$\begin{array}{rl}& {m}_{PQ}×{m}_{\mathrm{\perp }PQ}=-1\\ & ⇒{m}_{\mathrm{\perp }PQ}=\frac{-1}{{m}_{PQ}}\\ & ⇒{m}_{\mathrm{\perp }PQ}=\frac{{x}_{1}-{x}_{2}}{{y}_{2}-{y}_{1}}............\left(i\right)\end{array}$\begin{align} &amp; {{m}_{PQ}}\times {{m}_{\bot PQ}}=-1 \\ &amp; \Rightarrow {{m}_{\bot PQ}}=\dfrac{-1}{{{m}_{PQ}}} \\ &amp; \Rightarrow {{m}_{\bot PQ}}=\dfrac{{{x}_{1}}-{{x}_{2}}}{{{y}_{2}}-{{y}_{1}}}............\left( i \right) \\ \end{align}
And,
$\begin{array}{rl}& {m}_{\mathrm{\perp }QR}×{m}_{QR}=-1\\ & ⇒{m}_{\mathrm{\perp }QR}=\frac{-1}{{m}_{QR}}\\ & ⇒{m}_{\mathrm{\perp }QR}=\frac{{x}_{3}-{x}_{2}}{{y}_{2}-{y}_{3}}............\left(ii\right)\end{array}$\begin{align} &amp; {{m}_{\bot QR}}\times {{m}_{QR}}=-1 \\ &amp; \Rightarrow {{m}_{\bot QR}}=\dfrac{-1}{{{m}_{QR}}} \\ &amp; \Rightarrow {{m}_{\bot QR}}=\dfrac{{{x}_{3}}-{{x}_{2}}}{{{y}_{2}}-{{y}_{3}}}............\left( ii \right) \\ \end{align}
And,
$\begin{array}{rl}& {m}_{\mathrm{\perp }PR}×{m}_{PR}=-1\\ & ⇒{m}_{\mathrm{\perp }PR}=\frac{-1}{{m}_{PR}}\\ & ⇒{m}_{\mathrm{\perp }PR}=\frac{{x}_{1}-{x}_{3}}{{y}_{3}-{y}_{1}}............\left(iii\right)\end{array}$\begin{align} &amp; {{m}_{\bot PR}}\times {{m}_{PR}}=-1 \\ &amp; \Rightarrow {{m}_{\bot PR}}=\dfrac{-1}{{{m}_{PR}}} \\ &amp; \Rightarrow {{m}_{\bot PR}}=\dfrac{{{x}_{1}}-{{x}_{3}}}{{{y}_{3}}-{{y}_{1}}}............\left( iii \right) \\ \end{align}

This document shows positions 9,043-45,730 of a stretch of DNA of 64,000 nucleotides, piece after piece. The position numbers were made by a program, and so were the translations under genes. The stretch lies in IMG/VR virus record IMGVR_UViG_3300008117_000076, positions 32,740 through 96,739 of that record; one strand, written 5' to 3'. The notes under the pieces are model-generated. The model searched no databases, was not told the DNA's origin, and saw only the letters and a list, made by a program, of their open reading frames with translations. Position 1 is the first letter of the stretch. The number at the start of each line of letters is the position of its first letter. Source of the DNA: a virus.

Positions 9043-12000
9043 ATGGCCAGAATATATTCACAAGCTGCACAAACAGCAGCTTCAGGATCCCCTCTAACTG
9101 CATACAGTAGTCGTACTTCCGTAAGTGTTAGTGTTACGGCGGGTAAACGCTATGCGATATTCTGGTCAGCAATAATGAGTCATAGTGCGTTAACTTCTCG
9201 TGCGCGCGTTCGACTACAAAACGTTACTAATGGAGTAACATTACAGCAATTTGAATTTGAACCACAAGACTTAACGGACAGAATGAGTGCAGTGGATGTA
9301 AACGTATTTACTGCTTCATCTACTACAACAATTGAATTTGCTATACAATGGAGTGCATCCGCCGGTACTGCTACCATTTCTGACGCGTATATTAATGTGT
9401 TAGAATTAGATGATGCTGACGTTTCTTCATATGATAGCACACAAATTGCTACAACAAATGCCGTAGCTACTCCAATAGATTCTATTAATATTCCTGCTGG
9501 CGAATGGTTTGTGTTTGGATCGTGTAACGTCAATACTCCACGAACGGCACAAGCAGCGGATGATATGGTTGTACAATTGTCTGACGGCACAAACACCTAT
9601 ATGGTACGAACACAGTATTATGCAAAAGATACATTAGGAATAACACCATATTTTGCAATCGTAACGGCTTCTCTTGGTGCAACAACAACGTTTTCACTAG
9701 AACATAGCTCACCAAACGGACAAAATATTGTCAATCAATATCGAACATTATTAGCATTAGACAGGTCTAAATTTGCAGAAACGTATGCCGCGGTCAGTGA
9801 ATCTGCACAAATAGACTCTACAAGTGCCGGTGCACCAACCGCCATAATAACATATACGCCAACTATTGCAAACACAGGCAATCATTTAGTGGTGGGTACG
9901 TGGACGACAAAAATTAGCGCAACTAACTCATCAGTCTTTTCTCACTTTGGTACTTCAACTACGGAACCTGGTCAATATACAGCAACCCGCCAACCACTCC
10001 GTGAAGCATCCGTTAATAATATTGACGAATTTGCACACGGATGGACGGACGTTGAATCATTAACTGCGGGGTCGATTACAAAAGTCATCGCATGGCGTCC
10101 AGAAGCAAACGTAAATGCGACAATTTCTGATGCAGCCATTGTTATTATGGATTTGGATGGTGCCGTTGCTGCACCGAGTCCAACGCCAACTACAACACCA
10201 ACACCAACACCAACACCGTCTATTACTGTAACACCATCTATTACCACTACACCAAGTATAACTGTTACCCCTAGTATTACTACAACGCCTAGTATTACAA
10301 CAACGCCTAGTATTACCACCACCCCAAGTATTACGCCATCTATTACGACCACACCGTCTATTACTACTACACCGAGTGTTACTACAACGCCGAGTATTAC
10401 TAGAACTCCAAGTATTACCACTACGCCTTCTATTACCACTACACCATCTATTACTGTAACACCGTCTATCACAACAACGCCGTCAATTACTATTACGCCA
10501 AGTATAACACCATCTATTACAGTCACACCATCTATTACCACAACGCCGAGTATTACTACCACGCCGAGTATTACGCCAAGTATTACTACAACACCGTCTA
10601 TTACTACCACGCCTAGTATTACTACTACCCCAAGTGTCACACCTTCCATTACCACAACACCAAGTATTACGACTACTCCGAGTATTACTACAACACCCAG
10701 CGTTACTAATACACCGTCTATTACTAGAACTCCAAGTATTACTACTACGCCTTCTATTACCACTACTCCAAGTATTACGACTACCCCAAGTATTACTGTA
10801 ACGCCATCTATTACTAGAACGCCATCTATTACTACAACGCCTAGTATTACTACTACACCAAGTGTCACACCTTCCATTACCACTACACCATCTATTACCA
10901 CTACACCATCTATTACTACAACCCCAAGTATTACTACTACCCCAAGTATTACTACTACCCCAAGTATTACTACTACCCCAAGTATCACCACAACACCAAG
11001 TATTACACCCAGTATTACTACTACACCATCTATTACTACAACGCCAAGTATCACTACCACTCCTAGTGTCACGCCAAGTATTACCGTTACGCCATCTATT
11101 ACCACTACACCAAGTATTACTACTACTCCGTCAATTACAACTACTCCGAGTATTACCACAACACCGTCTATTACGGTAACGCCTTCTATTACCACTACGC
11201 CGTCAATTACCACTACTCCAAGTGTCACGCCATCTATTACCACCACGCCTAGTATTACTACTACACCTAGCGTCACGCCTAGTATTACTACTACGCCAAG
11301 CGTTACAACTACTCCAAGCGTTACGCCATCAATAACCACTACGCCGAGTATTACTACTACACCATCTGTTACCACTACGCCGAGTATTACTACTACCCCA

Now, since $\left( {{x}_{1}},{{y}_{1}} \right),\left( {{x}_{2}},{{y}_{2}} \right)\ and \left( {{x}_{3}},{{y}_{3}} \right)$ are rational then ${{m}_{\bot PQ}},{{m}_{\bot QR}}\ and {{m}_{\bot PR}}$, given by equation $\left( i \right),\left( ii \right)\ and \left( iii \right)$ must be rational.
Now, let’s consider the line perpendicular to sides and passing from the opposite vertex.
We know equation of line passing from $\left(a,b\right)$$\left( a,b \right)$ with slope $m$$m$ is given as :
$\left(y-b\right)=m\left(x-a\right)$$\left( y-b \right)=m\left( x-a \right)$
So, equation of line perpendicular to $PQ$$PQ$ and passing through $R$$R$ is given as :
$\left(y-{y}_{3}\right)={m}_{\mathrm{\perp }QR}\left(x-{x}_{3}\right)$$\left( y-{{y}_{3}} \right)={{m}_{\bot QR}}\left( x-{{x}_{3}} \right)$
$\left(y-{y}_{3}\right)=\frac{{x}_{1}-{x}_{2}}{{y}_{2}-{y}_{1}}\left(x-{x}_{3}\right)..........\left(iv\right)$$\left( y-{{y}_{3}} \right)=\dfrac{{{x}_{1}}-{{x}_{2}}}{{{y}_{2}}-{{y}_{1}}}\left( x-{{x}_{3}} \right)..........\left( iv \right)$
And equation of line perpendicular to $QR$$QR$ and passing through $P$$P$ is given as :
$\left(y-{y}_{1}\right)={m}_{\mathrm{\perp }QR}\left(x-{x}_{1}\right)$$\left( y-{{y}_{1}} \right)={{m}_{\bot QR}}\left( x-{{x}_{1}} \right)$
$\left(y-{y}_{1}\right)=\frac{{x}_{3}-{x}_{2}}{{y}_{2}-{y}_{3}}\left(x-{x}_{1}\right)..........\left(v\right)$$\left( y-{{y}_{1}} \right)=\dfrac{{{x}_{3}}-{{x}_{2}}}{{{y}_{2}}-{{y}_{3}}}\left( x-{{x}_{1}} \right)..........\left( v \right)$
And equation of line perpendicular to $PR$$PR$ and passing through $Q$$Q$ is given as :